Back in 2010, I was halfway through writing The Sleeping Life when I decided to embark on self-publishing my backlist, so I set it aside and distracted myself thoroughly in other worlds. I'm sure that the six-year gap led to some rather significant changes to how the book ended, but I enjoyed where I took this one.
I tell people, btw, that it's not a Sleeping Beauty re-telling, but then I point out to myself that someone is technically sort of awakened by a kiss... No spindles, however!
And, for the Touchstone fans, here's a bit of trivia that binds these two stories together:
back when I was originally writing Touchstone as a fiction blog, I had a scene where Mori is having a sleepover with Cass, after Cass has discovered she can "dream things real". And because what I was writing was "non-serious stuff I was throwing up on the internet", I cheerfully had Cass dream the facehuggers from Aliens showing up in her bedroom and leaping on poor Mori.
Because what else would a genre-savvy Earth girl dream when picturing the worst things she could inflict on a planet?
But when I came around to editing the blog for publication, I most definitely didn't want to get into any dubious copyright territory. This is the exact same reason why Cass summons a dragon instead of Superman, and why I don't include the actual text of Do Not Go Gentle.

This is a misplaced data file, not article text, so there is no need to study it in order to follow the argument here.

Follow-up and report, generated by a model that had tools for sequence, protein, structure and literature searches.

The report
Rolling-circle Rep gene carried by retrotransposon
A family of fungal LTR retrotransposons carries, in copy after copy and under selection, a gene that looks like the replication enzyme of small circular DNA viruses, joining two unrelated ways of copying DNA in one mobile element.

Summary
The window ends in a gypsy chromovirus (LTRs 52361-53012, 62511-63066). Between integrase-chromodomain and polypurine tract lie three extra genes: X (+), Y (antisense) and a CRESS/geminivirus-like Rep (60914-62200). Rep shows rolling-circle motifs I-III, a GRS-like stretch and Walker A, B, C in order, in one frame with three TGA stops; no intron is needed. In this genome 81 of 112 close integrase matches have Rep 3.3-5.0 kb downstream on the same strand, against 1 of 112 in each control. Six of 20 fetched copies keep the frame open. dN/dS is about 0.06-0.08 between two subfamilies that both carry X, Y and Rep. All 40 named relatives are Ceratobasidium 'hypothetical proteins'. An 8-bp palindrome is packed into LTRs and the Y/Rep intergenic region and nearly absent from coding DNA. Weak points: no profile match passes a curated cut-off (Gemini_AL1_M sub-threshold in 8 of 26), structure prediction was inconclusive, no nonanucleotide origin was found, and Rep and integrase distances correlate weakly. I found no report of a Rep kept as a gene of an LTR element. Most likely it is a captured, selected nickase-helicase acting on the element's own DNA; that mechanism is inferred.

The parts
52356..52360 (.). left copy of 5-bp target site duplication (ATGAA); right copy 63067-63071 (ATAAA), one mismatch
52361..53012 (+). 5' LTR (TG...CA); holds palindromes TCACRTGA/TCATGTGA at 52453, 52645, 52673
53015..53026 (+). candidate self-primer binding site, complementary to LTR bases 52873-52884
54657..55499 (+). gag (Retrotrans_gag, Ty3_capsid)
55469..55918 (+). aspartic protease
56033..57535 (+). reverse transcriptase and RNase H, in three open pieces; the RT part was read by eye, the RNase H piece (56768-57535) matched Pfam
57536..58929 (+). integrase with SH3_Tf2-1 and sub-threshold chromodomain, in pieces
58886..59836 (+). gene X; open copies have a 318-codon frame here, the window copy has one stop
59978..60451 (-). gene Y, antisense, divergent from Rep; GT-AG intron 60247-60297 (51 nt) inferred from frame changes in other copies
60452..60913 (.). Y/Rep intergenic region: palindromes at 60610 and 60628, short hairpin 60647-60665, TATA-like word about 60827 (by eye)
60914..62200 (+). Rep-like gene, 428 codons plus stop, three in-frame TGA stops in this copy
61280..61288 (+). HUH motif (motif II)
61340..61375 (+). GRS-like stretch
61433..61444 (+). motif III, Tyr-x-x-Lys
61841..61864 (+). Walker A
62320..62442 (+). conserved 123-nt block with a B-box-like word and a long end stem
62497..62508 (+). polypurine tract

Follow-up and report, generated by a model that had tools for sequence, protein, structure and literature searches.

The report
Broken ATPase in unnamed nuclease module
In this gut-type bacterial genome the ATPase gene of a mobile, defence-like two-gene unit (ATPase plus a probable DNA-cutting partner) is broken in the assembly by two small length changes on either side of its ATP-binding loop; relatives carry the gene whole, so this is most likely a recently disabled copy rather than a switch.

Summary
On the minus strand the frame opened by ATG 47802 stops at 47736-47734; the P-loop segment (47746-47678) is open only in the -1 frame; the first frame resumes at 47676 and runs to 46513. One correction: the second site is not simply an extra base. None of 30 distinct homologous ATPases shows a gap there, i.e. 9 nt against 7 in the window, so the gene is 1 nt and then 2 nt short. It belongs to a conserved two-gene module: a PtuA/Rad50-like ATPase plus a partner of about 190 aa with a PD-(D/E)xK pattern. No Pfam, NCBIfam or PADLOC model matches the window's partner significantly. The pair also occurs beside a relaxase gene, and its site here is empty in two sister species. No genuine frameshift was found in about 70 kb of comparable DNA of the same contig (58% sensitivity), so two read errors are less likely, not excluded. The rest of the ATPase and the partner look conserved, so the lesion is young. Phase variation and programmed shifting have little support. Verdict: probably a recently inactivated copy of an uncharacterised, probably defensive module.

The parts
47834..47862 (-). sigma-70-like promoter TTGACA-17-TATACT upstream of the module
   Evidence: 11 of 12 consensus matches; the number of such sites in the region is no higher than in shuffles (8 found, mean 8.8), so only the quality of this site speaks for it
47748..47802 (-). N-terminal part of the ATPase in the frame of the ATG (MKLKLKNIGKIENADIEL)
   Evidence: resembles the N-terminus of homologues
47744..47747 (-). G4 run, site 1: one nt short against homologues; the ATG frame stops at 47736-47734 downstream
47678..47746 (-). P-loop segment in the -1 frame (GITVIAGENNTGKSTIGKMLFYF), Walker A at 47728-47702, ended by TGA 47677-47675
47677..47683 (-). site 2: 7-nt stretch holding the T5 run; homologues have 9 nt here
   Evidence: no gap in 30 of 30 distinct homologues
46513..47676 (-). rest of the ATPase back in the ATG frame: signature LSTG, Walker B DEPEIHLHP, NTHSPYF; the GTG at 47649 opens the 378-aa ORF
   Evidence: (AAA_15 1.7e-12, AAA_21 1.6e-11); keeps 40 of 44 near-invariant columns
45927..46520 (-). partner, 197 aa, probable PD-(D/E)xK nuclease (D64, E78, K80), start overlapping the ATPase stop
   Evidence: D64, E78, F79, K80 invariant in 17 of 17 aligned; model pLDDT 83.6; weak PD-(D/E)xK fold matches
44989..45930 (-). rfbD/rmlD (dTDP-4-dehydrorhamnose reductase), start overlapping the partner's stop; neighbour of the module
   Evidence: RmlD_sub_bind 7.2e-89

So I cast about for something that I could use instead of facehuggers, and remembered the Kentatsuki from The Sleeping Life. And so The Sleeping Life became the book that Cass had been reading, and left in her room, the day she went for her last highschool exam. And The Sleeping Life is the book that Cass' Mum brings with her, when she finally gets to travel to Muina.
The publication dates don't work out, of course. ;)
Third book in the magical cats series, hitting much of the same notes as before: female friendships, sensible heroine, cats which are a bit magical. Fortunately no TSTL moments this time around.
A pleasantly relaxing read, snack food for the mind without being at all taxing.
"Shadows" is McKinley channelling Diana Wynne Jones, a fact which is foregrounded by the book's dedication. The focus on family, the combination of a magical and a technological world, and the cascading chaos of the story's climax all bring Jones' work strongly to mind.
The thrust of the story is dystopian - while it starts out seeming to be about a problematic step-father, it segues into a focus on the society (although this relies a little on the protagonist having paid very little attention to that society and tuning out in school a great deal).
I started out slow with the book, but settled into it around a third of the way in, when the action picked up, and stayed up way too late reading it. An enjoyable read (though a little overwhelming, with a great deal of teen-speak, alt-world slang, Japanese and "Old World" terms spilling over the pages).